Everyone encounters a ‘dark night of the soul’ at times in their lives. During these current times of uncertainty many are feeling unsettled and fearful. Unsure what the outcome will be, how long this pandemic will last or what the new ‘norm’ will look like.

I believe it is a time for us to look within to identify, dissect and deal with the uncertainties, fears and insecurities often buried with busyness, work-related constraints, family obligations and other distractions that previously prevented the opportunity to do so. As leaders, role-models, parents, spouses, and other roles we have in life; we bring to those roles personal experiences, belief systems and mindsets from our upbringing, some healthy others not so healthy.

It would be remiss of me as a leader & advocate for domestic, sexual and childhood sexual abuse survivors not to speak. Within households there are open secrets that have and continue to run rampant. Secrets that are now being exposed. With enforced furloughs, lay-offs and quarantine the incidents of domestic(40% increase), sexual and childhood sexual abuse are rapidly increasing.

How does this tie into this blog’s theme? As a survivor of childhood, sexual and domestic assault, I was challenged to address triggers caused by reaching out to a family member I haven’t communicated with in years. I reached out in support of and advocacy for my daughter, also a survivor, to prevent a set-back on her road to recovery.

Previous animosity and anger resurfaced within at the selfishness of family members who violated the trust given. Feelings I thought were resolved. What it also revealed is how deep the secrecy within families run. I had a very candid conversation with the mother of my daughter’s perpetrators during the course of which I learned she was not aware what transpired all those years ago.

This reinforces the reason for me to continue to advocate for ‘removing the masks’ within families related to domestic, sexual and childhood abuse. This is not an easy journey of advocacy. There are often roadblocks due to how uncomfortable it makes others to hear, desire to hear or at times believe survivors; especially when the perpetrators are revealed.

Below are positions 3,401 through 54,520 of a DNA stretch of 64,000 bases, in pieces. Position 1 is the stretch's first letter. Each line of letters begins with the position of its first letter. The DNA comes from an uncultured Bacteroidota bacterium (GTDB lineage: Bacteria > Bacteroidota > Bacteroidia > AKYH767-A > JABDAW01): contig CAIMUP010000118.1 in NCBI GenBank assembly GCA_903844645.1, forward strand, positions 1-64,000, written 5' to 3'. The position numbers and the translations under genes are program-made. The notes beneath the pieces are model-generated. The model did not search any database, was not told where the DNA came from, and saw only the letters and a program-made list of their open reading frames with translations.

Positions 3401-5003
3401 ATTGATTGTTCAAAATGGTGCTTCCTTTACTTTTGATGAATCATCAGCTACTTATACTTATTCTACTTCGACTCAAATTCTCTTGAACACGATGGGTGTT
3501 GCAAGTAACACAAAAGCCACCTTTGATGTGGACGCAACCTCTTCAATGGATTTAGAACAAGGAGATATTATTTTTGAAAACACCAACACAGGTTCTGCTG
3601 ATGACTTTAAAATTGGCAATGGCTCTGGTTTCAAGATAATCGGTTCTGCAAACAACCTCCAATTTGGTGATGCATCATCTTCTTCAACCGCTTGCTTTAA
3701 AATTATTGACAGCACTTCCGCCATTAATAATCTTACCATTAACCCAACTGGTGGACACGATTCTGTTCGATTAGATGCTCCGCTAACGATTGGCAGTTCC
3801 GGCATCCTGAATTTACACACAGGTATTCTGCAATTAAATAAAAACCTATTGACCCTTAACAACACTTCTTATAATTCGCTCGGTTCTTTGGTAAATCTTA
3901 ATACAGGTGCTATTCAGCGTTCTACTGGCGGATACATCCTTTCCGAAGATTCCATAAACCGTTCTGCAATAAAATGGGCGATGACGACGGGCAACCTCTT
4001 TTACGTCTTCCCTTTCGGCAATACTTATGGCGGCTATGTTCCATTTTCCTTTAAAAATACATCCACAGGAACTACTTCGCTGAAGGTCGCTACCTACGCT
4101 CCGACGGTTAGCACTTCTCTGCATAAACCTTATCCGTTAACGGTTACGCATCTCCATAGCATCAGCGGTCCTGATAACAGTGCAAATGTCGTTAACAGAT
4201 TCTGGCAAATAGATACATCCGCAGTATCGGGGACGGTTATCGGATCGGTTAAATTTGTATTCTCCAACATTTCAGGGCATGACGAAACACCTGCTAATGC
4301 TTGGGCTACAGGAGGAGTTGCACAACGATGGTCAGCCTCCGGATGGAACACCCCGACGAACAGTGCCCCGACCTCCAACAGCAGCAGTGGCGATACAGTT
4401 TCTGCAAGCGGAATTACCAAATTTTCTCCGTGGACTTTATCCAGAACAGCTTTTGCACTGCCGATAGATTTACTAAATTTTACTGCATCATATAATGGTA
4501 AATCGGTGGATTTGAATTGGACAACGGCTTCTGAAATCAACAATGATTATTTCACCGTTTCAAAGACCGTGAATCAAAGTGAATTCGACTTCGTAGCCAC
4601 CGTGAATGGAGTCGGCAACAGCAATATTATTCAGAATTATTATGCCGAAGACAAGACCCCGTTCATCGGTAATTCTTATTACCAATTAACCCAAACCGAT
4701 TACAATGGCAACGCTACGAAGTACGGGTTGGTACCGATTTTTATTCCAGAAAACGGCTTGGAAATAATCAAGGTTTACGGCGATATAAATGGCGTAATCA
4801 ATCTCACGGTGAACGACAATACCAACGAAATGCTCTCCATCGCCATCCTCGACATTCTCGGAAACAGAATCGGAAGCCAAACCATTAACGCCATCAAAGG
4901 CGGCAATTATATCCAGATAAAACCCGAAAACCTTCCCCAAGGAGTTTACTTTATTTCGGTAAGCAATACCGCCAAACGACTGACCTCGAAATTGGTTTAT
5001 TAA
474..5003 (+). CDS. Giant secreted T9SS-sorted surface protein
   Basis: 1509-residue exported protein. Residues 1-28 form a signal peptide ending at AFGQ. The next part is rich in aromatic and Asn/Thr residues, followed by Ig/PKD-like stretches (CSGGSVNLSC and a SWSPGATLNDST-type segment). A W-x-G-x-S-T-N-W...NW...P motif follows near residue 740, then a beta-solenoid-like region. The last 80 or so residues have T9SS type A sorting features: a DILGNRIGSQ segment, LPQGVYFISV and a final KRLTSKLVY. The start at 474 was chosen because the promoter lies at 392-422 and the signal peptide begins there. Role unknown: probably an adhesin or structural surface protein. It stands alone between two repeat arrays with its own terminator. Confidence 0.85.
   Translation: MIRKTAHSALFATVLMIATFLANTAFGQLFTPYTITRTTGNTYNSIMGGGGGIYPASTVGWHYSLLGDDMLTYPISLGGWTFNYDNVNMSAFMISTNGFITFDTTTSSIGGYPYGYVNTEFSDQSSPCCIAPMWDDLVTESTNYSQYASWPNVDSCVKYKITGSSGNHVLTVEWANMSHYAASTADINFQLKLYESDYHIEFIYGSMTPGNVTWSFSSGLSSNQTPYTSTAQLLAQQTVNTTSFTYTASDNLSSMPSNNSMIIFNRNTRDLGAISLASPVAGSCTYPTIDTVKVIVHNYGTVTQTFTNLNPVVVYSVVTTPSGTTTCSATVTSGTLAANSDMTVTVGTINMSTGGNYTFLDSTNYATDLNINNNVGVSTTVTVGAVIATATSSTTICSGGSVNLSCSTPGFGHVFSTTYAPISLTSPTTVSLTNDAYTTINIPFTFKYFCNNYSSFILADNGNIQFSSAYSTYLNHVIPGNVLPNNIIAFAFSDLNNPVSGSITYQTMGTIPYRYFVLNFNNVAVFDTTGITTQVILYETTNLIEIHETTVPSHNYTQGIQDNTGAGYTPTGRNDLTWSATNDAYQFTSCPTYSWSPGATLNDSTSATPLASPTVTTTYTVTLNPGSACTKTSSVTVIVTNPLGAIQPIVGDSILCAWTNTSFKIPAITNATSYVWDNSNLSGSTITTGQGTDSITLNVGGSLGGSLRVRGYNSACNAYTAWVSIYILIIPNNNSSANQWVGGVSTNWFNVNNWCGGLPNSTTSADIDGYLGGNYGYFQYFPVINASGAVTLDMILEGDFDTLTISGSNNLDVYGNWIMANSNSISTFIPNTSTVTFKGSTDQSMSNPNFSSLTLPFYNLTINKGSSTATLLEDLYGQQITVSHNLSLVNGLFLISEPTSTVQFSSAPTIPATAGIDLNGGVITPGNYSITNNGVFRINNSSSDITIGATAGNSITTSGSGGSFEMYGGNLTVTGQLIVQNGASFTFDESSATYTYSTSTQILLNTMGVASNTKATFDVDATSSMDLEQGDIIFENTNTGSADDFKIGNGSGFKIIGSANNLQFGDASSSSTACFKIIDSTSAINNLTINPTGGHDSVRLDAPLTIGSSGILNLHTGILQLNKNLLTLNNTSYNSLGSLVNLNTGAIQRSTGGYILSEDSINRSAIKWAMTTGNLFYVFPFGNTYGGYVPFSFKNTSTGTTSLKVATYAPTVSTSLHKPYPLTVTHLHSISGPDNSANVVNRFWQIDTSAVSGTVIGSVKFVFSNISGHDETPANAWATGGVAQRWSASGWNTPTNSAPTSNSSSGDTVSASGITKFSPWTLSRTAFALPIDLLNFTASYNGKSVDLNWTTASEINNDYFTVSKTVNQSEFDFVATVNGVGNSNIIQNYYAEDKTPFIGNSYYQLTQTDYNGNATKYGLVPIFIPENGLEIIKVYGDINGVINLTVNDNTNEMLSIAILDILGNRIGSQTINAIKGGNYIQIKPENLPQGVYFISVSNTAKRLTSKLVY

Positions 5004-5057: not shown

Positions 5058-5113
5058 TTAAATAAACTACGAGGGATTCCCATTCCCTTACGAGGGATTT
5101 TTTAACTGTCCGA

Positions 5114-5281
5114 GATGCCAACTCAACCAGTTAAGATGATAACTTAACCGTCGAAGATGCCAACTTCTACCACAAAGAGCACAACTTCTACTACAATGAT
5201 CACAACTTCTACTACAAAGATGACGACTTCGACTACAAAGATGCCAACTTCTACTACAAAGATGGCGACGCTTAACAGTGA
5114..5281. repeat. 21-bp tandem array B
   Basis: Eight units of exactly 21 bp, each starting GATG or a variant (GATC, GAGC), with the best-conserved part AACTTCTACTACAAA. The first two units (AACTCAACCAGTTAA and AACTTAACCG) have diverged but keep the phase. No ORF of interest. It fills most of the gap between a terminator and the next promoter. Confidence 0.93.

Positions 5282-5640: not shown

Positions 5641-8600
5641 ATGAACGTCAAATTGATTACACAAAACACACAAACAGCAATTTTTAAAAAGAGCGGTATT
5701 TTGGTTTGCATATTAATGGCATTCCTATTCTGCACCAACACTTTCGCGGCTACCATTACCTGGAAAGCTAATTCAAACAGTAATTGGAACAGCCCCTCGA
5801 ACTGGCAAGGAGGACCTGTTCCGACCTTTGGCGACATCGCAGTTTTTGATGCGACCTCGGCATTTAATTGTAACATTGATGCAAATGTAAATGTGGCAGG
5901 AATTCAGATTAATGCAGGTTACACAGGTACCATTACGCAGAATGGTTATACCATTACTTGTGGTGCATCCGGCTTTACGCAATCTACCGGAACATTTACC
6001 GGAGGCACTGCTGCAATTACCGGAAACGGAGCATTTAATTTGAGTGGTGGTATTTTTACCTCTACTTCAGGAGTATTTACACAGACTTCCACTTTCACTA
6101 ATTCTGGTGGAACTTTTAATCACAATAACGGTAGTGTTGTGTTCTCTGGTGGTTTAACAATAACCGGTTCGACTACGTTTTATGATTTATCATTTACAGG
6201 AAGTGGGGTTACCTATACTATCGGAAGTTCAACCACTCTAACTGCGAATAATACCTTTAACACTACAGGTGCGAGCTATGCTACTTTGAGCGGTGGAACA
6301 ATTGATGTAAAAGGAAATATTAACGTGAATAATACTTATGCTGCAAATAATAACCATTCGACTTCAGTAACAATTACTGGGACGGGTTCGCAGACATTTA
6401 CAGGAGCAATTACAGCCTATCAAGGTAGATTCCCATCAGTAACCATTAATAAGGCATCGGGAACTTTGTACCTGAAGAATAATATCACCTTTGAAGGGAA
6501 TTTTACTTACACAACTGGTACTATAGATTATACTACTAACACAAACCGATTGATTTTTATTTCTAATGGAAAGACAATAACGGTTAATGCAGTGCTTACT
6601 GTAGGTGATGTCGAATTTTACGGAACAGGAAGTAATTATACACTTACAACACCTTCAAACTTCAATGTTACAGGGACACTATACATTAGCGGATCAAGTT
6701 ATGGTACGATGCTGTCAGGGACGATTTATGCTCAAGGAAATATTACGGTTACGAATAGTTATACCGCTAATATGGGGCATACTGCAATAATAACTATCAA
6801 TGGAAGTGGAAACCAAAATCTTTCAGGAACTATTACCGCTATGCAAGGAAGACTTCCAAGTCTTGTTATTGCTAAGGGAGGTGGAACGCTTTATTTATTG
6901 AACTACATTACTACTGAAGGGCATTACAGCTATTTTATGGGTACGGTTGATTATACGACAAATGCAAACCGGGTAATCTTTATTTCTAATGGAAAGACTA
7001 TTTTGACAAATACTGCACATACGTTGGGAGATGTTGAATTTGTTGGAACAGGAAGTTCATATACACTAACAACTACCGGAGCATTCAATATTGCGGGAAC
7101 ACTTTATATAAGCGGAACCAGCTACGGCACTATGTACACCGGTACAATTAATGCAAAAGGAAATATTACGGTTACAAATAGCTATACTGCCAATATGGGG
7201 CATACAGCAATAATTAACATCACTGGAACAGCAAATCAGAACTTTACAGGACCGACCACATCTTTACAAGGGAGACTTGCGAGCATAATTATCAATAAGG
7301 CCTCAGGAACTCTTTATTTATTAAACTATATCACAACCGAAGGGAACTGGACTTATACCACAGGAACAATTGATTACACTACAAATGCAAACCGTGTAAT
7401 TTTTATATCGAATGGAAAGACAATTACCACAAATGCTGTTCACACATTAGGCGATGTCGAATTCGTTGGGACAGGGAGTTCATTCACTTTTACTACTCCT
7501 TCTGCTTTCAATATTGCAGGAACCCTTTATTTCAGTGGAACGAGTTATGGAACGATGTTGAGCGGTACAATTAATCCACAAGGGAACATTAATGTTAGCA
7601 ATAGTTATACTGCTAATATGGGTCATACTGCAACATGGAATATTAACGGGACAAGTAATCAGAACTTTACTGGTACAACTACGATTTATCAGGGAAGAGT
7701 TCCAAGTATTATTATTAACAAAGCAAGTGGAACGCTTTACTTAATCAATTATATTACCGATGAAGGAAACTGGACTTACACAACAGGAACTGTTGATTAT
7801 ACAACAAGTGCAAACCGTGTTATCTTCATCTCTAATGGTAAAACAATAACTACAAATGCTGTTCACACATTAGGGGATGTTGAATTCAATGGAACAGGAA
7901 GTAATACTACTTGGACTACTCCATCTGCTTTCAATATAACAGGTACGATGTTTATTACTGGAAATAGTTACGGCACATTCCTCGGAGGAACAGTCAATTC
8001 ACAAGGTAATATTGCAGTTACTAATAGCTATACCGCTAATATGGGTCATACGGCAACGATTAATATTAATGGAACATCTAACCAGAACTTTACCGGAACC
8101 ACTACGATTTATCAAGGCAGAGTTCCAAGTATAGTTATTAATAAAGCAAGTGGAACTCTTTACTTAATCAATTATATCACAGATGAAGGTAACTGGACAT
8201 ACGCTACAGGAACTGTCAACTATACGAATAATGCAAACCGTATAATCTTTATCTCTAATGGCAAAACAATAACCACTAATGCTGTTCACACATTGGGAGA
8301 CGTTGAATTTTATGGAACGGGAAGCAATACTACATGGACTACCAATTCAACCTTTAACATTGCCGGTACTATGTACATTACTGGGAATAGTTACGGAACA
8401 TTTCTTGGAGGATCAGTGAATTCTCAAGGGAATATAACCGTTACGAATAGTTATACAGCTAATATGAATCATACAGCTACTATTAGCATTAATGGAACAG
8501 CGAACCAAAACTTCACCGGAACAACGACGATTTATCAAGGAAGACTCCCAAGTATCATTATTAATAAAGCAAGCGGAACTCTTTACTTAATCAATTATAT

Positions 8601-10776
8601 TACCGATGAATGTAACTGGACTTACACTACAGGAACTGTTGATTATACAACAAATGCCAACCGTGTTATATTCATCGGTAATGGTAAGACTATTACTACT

There have been times I have wanted to abandon the mission. I encountered a ‘dark night of the soul’ recently and was reminded of the need to continue even if it is not palatable for some.

I can only be as effective to the degree I am willing to be transparent about the journey within along the way. Some of my shortcomings were revealed in my ‘dark night of the soul’ that caused me to ask the following question. Will I use this current challenge as an excuse to STOP or use it as a STEPPING stone to continue to grow personally, spiritually and professionally as I continue to advocate and assist others on their journey to ‘Redefining their Life-Path’ after adversity? My resounding response is I will use it as a stepping stone.

What things are being revealed during this time that need to be addressed? Are you going to use it as a reason to STOP or as a catalyst to STEP towards the next level waiting on the other side of the decision you make? For every affliction you encounter in life there is a spiritual remedy. Your affliction is your call to advocacy. Will you answer?

Stopping Point Or Stepping Stone

Resources for Assistance:

To report any type of domestic violence call police or the National Domestic Violence Hotline at 1-800-500-1119.


DirectionVision & Goal Setting

Abiding in the Glory

Being at peace even in dire circumstances knowing that He is protecting, shielding and comforting us; knowing that this peace comes from above because we are filled with His love and His joy. Knowing that His tangible presence surrounds us like a cocoon, reassuring us of His promise to never leave nor forsake us. TRUSTING Him and live being ever aware of His presence and still quiet voice. Seeking for and listening to His guidance even in the little things….what will I wear today? What can I do today to Honor You Lord? What will I eat that will nourish my body and preserve this temple you gave me? Being sensitive to His gentle nudging steering us in the direction He would have us to go; not allowing our own will to override His perfect will.

Finding Him in the simple things (a beautiful cloud, a blooming flower, a gentle rain, the quiet stillness in the morning, a simple meal with a friend). Taking the time to be ‘present’ and ‘in the moment’. Having the courage, the fortitude and the faith to try again when we feel defeated. Knowing that ALL things work together for our good. “Abiding in the Glory” is a wonderful place to be.

And I will be to her a wall of fire all around, declares the Lord, and I will be the glory in her midst.’” ~ A symbolism of God’s divine protection during these trying times. ~

Scripture Ref: Zechariah 2:5